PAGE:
Senior dogs come to be in shelters in a number of ways. In some cases, their owners may have moved away and been unwilling or unable to take them to their new home. Sometimes a pet owner dies and leaves a dog behind with no one to care for it. During difficult economic times, some people are simply unable to provide for their pet and dogs are given up to the shelter. If you are looking for a new pet, adopting a senior dog has many advantages – consider it!
Many people are hesitant about adopting a senior dog because they think it has been surrendered due to behavioral problems. This is rarely the case. In many instances, the dogs have been with the same owner or family from the time it was a puppy. These dogs make loving companions and they even offer some advantages over adopting a puppy.
- They are Already Trained – Cute as they are, puppies come with a lot of issues and no understanding of what you want from them. You will have to have a lot of time and patience to invest into their training and there will probably be losses along the way. A senior dog, on the other hand, will probably already be trained and have at least a minimal understanding of basic commands. You won’t have to go through the chewing phase and come home to find your valuables have been shredded to pieces. Instead, you will find a grateful companion to calmly greet you at the door.
- A Better Quality of Sleep – If you have ever introduced a new puppy into your home, you know that as soon as the lights go out, that’s when the whining and whimpering starts. Missing his litter mates and his mother can have him demanding you’re a.m. time just like a newborn baby. A senior dog will be happy to turn in at the same time you do. Give him a big, soft bed of his own and he may even be there before your bedtime!
- Older Dogs are Calmer, Less Energetic – Dogs in shelters are evaluated to determine their temperament before they can be adopted out. That means that adopting a senior dog is a safer bet than getting a puppy who hasn’t yet decided who it will be when it grows up! Unless you want a dog to train for a marathon with you, a senior will be more content to engage in lower-energy activities with you. They are also more likely to be good fits for families with children.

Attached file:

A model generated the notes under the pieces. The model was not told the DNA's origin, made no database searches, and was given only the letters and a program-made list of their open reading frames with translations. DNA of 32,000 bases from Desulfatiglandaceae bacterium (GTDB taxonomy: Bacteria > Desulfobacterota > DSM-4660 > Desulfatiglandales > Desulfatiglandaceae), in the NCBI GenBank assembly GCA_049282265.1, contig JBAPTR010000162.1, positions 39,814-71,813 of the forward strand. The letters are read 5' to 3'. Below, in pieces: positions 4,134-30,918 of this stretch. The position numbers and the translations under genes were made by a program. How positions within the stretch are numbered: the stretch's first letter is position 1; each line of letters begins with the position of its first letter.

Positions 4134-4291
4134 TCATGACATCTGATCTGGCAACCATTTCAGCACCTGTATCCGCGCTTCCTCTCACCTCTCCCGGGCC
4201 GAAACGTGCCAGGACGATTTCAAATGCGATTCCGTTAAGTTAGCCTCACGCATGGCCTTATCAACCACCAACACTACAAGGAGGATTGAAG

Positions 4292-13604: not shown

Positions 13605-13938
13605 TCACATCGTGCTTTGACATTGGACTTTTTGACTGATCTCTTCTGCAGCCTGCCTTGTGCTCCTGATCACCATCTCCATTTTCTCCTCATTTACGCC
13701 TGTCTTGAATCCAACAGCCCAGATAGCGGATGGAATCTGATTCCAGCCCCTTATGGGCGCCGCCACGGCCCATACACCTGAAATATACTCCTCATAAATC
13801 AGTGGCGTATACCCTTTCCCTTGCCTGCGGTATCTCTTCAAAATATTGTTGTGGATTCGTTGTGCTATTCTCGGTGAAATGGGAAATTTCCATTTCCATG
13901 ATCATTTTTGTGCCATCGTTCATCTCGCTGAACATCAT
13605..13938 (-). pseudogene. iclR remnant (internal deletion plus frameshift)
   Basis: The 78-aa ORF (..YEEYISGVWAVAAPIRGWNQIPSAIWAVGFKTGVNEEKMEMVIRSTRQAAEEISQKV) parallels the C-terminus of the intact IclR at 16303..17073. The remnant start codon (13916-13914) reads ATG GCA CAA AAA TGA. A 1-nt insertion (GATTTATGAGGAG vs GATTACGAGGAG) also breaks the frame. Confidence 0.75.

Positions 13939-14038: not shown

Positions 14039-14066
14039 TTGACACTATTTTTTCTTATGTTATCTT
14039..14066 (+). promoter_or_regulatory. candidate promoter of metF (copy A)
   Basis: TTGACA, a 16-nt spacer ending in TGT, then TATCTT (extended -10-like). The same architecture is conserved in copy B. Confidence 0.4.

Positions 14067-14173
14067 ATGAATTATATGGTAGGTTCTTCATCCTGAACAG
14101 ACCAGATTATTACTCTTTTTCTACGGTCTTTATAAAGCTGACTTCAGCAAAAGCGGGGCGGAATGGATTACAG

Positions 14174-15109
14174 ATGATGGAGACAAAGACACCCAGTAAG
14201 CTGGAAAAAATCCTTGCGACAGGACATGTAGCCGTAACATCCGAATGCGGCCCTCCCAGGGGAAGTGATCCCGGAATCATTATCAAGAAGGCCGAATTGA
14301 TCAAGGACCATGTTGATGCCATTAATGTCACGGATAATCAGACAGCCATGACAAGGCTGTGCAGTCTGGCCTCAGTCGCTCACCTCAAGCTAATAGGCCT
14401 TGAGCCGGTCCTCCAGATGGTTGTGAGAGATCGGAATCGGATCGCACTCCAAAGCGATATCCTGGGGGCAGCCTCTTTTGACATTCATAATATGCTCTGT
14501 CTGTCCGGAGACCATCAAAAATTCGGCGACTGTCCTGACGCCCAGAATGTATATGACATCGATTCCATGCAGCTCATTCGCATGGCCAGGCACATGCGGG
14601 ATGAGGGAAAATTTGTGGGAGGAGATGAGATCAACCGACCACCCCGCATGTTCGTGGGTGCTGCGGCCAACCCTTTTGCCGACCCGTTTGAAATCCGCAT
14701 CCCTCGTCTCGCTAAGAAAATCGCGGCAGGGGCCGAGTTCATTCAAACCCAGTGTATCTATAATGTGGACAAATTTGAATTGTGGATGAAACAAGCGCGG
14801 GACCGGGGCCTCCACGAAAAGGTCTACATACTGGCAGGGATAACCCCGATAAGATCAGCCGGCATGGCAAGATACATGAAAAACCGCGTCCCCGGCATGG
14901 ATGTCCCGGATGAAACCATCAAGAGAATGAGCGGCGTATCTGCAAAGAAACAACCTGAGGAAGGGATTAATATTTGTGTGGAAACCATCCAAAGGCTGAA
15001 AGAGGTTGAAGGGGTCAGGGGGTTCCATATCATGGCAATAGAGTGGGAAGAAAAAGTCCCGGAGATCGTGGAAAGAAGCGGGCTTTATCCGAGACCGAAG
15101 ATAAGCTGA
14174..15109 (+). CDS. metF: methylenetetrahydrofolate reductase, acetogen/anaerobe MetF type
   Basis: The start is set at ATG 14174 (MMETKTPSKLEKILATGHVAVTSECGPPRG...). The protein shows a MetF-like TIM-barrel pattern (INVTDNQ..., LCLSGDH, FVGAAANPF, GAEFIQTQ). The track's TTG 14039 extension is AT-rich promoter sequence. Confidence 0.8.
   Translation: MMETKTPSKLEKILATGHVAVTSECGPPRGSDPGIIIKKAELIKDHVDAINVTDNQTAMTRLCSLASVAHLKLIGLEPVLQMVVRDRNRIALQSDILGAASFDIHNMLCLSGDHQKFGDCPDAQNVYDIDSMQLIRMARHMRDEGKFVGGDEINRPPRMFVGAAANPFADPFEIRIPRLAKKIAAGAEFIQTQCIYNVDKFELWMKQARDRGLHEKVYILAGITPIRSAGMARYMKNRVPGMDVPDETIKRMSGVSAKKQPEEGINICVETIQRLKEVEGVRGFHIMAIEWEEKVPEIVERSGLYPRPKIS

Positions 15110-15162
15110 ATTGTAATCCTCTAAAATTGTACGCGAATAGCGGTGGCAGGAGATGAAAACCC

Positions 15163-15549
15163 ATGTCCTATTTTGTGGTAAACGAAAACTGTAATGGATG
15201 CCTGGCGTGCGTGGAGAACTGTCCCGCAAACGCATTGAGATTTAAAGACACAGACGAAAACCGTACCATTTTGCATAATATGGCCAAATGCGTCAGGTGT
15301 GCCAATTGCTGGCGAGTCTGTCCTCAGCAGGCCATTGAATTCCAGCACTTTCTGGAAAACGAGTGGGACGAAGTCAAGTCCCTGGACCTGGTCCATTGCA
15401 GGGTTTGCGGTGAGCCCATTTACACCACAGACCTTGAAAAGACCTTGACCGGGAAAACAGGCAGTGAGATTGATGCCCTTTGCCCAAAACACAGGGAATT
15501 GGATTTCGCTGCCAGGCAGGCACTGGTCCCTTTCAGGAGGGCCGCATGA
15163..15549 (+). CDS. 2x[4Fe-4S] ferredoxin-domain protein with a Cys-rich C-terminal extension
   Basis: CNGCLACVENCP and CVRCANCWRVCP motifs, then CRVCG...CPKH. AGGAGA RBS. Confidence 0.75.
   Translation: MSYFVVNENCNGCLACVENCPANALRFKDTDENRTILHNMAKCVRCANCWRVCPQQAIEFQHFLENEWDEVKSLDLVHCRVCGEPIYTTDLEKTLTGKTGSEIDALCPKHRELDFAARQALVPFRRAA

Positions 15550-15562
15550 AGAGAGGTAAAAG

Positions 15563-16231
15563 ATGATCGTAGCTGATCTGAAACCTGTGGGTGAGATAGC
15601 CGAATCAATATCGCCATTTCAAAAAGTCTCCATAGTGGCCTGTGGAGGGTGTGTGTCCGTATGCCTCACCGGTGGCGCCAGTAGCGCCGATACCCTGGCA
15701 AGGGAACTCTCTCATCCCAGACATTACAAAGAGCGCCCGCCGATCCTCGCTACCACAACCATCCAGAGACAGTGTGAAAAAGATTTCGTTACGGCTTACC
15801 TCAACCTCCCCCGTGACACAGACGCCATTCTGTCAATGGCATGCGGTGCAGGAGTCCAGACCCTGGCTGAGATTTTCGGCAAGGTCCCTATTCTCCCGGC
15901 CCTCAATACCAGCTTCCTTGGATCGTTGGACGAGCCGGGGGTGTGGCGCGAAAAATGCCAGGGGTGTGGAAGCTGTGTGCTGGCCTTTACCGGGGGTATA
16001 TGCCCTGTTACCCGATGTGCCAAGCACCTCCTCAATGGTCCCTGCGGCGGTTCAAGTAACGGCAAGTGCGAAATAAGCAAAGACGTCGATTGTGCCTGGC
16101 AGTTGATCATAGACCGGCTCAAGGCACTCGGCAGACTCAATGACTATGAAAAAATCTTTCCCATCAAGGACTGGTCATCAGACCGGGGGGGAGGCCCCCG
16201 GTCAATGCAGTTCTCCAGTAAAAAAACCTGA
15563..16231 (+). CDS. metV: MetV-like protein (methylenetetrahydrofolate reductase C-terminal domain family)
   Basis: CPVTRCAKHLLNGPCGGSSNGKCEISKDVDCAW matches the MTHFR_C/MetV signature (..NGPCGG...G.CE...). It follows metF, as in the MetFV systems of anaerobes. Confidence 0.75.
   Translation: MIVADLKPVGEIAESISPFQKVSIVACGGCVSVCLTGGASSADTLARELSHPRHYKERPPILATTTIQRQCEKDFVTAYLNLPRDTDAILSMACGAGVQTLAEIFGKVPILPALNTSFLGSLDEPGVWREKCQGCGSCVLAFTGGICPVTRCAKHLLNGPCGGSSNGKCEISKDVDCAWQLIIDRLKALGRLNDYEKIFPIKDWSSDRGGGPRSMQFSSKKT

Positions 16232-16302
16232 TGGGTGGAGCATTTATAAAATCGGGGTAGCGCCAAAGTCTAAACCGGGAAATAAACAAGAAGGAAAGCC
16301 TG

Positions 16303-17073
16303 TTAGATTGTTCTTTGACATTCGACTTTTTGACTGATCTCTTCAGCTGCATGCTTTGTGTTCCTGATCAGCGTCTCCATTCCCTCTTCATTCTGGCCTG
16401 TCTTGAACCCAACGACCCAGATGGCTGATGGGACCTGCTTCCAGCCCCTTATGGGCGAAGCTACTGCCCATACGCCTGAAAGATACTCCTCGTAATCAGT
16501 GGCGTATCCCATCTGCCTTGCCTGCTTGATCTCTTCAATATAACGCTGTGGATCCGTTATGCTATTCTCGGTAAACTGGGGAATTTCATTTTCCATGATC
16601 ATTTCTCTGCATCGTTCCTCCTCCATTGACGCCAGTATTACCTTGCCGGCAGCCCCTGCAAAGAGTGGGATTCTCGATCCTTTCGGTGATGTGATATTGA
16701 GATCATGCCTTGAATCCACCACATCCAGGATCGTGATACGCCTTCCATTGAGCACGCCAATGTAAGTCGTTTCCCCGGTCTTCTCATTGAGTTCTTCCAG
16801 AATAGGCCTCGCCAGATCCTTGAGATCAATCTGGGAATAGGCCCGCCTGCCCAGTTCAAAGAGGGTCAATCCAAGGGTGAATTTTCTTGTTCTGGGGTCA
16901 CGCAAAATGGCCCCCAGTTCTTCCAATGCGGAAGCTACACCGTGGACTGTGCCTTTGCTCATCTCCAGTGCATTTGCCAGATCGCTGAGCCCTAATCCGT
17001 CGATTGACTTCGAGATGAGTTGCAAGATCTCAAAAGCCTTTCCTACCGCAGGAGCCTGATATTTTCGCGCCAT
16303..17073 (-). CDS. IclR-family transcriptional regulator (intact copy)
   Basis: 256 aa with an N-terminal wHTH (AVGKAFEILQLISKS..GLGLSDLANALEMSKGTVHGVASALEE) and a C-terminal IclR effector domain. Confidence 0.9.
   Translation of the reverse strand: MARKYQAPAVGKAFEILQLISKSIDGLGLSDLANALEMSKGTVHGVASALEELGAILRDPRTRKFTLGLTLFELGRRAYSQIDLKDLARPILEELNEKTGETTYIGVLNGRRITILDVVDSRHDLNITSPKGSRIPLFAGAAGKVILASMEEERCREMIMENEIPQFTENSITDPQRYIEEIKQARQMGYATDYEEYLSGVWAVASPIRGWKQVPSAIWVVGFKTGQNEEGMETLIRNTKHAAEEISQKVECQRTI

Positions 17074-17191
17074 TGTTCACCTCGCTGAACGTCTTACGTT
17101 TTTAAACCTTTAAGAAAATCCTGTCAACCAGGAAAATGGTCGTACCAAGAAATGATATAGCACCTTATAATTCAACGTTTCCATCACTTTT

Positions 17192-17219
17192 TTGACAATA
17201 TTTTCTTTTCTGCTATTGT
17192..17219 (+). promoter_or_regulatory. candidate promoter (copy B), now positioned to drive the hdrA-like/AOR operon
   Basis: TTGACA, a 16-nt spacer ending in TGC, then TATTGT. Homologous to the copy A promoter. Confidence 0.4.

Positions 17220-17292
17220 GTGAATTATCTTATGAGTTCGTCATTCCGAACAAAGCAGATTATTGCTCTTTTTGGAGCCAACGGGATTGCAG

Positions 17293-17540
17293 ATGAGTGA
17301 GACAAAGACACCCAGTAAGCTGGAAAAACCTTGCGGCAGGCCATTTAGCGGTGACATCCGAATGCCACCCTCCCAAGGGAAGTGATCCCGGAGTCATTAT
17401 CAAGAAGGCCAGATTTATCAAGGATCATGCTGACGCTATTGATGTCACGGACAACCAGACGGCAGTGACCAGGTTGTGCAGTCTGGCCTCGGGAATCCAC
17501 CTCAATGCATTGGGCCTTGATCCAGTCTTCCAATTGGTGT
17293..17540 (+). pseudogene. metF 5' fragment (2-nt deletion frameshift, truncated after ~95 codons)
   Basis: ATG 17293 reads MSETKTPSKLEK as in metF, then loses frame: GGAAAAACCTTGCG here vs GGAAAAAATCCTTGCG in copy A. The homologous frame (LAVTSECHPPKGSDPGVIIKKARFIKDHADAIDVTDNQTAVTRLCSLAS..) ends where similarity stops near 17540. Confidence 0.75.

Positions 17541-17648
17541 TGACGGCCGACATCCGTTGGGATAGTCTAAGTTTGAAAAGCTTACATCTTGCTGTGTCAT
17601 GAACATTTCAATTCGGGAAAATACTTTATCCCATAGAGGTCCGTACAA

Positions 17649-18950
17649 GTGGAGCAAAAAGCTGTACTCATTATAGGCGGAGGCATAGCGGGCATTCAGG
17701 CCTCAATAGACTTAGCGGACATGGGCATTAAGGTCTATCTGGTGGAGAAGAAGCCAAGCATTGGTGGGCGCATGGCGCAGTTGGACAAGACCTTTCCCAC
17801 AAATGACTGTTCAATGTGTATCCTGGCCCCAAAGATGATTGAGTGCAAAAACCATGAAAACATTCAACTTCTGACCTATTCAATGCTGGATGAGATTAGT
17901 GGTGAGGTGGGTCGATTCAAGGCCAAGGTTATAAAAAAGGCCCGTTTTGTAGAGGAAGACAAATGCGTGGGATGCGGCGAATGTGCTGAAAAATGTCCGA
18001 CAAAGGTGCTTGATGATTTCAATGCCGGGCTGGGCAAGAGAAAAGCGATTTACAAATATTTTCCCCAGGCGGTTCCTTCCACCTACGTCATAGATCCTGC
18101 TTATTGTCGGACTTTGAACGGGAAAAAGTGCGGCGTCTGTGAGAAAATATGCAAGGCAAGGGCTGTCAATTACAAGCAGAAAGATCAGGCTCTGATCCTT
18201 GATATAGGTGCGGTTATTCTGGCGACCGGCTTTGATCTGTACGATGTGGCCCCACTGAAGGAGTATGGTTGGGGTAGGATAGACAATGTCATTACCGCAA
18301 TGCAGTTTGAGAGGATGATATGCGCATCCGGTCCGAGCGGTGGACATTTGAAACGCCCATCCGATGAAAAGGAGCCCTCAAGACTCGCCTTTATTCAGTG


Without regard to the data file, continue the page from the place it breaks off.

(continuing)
- Easier and Less Messy Care – When a group of tail-wagging puppies dive into a dish of food and scatter it in the commercials on TV, the effect is adorable. When it happens on your kitchen floor; not so much! Everything is new for puppies and even one furry little critter can keep the messes coming day after day. Seniors have the tasks of eating and walking through the house down to a science. They know the difference between their food dish and the new plant that you just got planted.
- You Can Teach Them New Tricks – Senior dogs are less energetic than puppies but they still enjoy doing a variety of activities including learning new tricks. Their attention span is longer than a puppy’s and they will learn new things faster. Your senior companion will be eager to please. If you can get the message across so that he understands what you want him to do, he is probably going to do it.
- To Save Their Life – Shelters aren’t like nursing homes; they don’t keep their residents to live out their golden years in comfort. Most have a time limit for how long they will keep dogs before they are put down. You aren’t alone in considering adopting a puppy. Most people who have the choice prefer to get a cute and cuddly bundle of energy to raise as their own. But adopting a senior dog could mean the difference in whether they live out the rest of their life in a loving home or are euthanized before their time is up.
Adopting puppies is very commonplace. Their bubbly personalities make them irresistible to anyone who wants a new furry friend. But don’t overlook the many reasons that a senior dog might be the perfect addition to your family or as your faithful companion during their gold years.